“I lose maneuverability of the ship,” he told investigators. “If I got down to dead slow, I lose most of my steerage when you go into a flood tide like that. That is the only reason I kept her up on full.”
Pizzitola said a malfunctioning portable pilot unit (PPU) showed the tow traveling so slow that he believed it was hanging back to let him pass. When it appeared out of the fog a ship length away, Pizzitola said he turned hard to starboard, backing full astern, but it was too late.
The barges were carrying nearly a million gallons of tarry marine fuel. The resulting oil slick extended 12 miles into the Gulf of Mexico and fouled Galveston Island beaches and coasts for 200 miles.
The channel’s intersection with the Intracoastal Waterway has several lanes and tricky hydraulics. Among hazards at the “Y,” Coast Guard literature warns of traffic and radio congestion, currents and weather, tow sizes and ship speed.
Only one Coast Guard traffic controller was monitoring eight screens covering the complex junction at the time of the incident.
Several lawsuits were filed in the wake of the major spill. Kirby Inland sued, saying the freighter was speeding and being operated in a reckless manner. Sea Galaxy denies liability.
After undergoing temporary bow repairs and posting $10 million surety papers, the ship loaded a grain cargo and returned to Africa. Kirby Inland Marine initially is responsible for cleanup costs under federal law because it carried the oil.
Coast Guard Lt. Cmdr. Teresa Hatfield, lead investigator, said the joint hearing was held to find out what happened and not lay blame. “The Coast Guard does not assess any kind of civil or criminal penalties against anybody,” Hatfield said. “We are basically looking at the cause of the incident. Then we make recommendations to try to prevent these from happening in the future.”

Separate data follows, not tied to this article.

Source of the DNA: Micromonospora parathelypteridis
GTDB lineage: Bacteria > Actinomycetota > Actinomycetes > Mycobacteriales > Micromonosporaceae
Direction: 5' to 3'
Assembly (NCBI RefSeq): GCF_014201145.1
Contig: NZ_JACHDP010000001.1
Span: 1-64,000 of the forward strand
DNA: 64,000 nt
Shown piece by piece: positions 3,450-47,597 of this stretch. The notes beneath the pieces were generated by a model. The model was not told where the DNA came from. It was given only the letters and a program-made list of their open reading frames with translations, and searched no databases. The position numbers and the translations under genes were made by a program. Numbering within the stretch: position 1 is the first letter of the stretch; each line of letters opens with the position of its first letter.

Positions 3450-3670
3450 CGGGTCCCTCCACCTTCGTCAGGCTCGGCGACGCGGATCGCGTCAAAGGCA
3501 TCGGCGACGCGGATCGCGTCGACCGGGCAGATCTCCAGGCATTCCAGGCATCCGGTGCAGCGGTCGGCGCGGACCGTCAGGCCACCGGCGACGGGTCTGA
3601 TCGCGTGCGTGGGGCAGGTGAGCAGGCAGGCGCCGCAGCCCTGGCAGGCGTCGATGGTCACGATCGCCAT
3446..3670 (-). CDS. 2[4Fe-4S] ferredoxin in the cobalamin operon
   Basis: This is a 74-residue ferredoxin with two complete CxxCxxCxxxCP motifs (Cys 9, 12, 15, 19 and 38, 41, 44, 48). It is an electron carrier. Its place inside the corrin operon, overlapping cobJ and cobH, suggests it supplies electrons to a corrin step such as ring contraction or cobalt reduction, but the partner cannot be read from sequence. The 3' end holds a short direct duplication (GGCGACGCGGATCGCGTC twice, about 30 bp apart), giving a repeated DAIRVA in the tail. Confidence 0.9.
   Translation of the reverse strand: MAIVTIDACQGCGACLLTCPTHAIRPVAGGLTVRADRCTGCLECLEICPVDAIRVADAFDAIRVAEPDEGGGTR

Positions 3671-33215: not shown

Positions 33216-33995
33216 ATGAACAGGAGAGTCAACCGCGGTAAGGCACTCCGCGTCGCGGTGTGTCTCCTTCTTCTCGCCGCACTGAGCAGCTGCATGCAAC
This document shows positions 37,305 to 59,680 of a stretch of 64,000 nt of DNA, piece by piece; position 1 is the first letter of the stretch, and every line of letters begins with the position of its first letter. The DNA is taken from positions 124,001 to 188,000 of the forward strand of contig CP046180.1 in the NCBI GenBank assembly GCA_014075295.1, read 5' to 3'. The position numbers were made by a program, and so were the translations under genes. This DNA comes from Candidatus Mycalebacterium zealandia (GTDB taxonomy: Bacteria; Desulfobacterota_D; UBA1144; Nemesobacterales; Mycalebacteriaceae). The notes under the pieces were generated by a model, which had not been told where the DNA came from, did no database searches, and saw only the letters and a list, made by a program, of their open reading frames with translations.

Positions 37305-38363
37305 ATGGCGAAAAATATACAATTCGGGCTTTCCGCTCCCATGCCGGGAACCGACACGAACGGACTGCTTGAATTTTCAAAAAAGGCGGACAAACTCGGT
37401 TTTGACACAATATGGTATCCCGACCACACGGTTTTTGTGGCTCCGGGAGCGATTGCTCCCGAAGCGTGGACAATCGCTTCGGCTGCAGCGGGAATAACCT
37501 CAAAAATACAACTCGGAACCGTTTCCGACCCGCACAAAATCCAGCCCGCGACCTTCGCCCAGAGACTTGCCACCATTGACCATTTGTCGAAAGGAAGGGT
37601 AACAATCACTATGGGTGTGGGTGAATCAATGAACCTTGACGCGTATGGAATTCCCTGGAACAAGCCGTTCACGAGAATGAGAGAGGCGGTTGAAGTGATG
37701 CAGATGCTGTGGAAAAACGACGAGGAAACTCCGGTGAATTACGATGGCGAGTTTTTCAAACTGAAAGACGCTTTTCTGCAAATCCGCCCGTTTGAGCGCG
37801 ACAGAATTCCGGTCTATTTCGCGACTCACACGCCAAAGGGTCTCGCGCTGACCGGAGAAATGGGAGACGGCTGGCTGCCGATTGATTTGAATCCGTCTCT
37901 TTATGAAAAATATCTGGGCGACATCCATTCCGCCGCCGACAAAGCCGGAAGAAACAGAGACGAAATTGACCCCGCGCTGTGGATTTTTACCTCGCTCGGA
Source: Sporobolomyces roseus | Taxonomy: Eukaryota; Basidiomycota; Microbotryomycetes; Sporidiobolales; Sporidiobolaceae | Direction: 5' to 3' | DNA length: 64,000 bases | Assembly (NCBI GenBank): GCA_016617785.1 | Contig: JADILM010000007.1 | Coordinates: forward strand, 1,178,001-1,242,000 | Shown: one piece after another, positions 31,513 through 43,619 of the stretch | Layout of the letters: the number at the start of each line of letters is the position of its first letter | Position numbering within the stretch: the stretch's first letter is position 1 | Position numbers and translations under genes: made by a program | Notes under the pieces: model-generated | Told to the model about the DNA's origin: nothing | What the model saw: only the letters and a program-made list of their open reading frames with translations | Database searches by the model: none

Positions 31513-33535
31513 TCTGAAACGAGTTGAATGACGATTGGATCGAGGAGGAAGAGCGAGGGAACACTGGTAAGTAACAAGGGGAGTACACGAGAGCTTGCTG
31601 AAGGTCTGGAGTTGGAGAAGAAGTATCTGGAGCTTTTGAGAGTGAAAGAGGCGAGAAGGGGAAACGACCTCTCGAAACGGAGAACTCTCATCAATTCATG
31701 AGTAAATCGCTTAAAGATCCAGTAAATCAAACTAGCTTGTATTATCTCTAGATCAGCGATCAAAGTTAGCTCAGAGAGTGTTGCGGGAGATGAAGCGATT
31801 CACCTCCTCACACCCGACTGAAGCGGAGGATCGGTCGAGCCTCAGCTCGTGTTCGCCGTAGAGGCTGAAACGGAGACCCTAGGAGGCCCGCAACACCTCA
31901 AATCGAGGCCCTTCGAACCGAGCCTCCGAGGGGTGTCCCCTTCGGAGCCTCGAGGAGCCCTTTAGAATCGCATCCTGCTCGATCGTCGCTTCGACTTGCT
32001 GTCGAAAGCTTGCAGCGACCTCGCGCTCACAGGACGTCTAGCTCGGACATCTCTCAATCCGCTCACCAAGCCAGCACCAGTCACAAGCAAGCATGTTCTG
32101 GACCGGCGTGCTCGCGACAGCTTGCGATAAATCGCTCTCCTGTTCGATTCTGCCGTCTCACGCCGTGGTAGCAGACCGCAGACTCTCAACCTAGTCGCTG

Coast Guard spokesman Petty Officer Andrew Kendrick said the Coast Guard report should be available within months. Kendrick said the Port of Houston’s channel mouth is a challenge to navigate. It is one of the country’s busiest seaports with traffic up to 70 ships and 400 barges some days.
As a result of previous collisions, in 2012 the NTSB recommended that the Coast Guard develop a better traffic-separation framework in the Houston Ship Channel. The investigators recommended that mariners in passing vessels take care to communicate and to “set optimal vessel speeds that allow for timely transit while maintaining safe passage given the channel’s limited margin for error.”
The Houston Pilots and the Port of Houston have talked about taking steps to avoid casualties in the waterway’s tightest areas.
In the latest probe involving Summer Wind and Miss Susan, the Coast Guard confirmed that new vessel-traffic practices may be considered.
“If there is something that adding rules or changes would benefit for the safety of the commerce, without a major impact to transit ability, that’s something they will look at,” Kendrick said.
“The lead investigator will take all testimony and everything they got from the hearing and will review it so they can start to draw conclusions on cause for a potential fix or what might work better and be safer in the future,” he said.
NTSB spokesman Keith Holloway said his agency may issue an independent report if it has recommendations.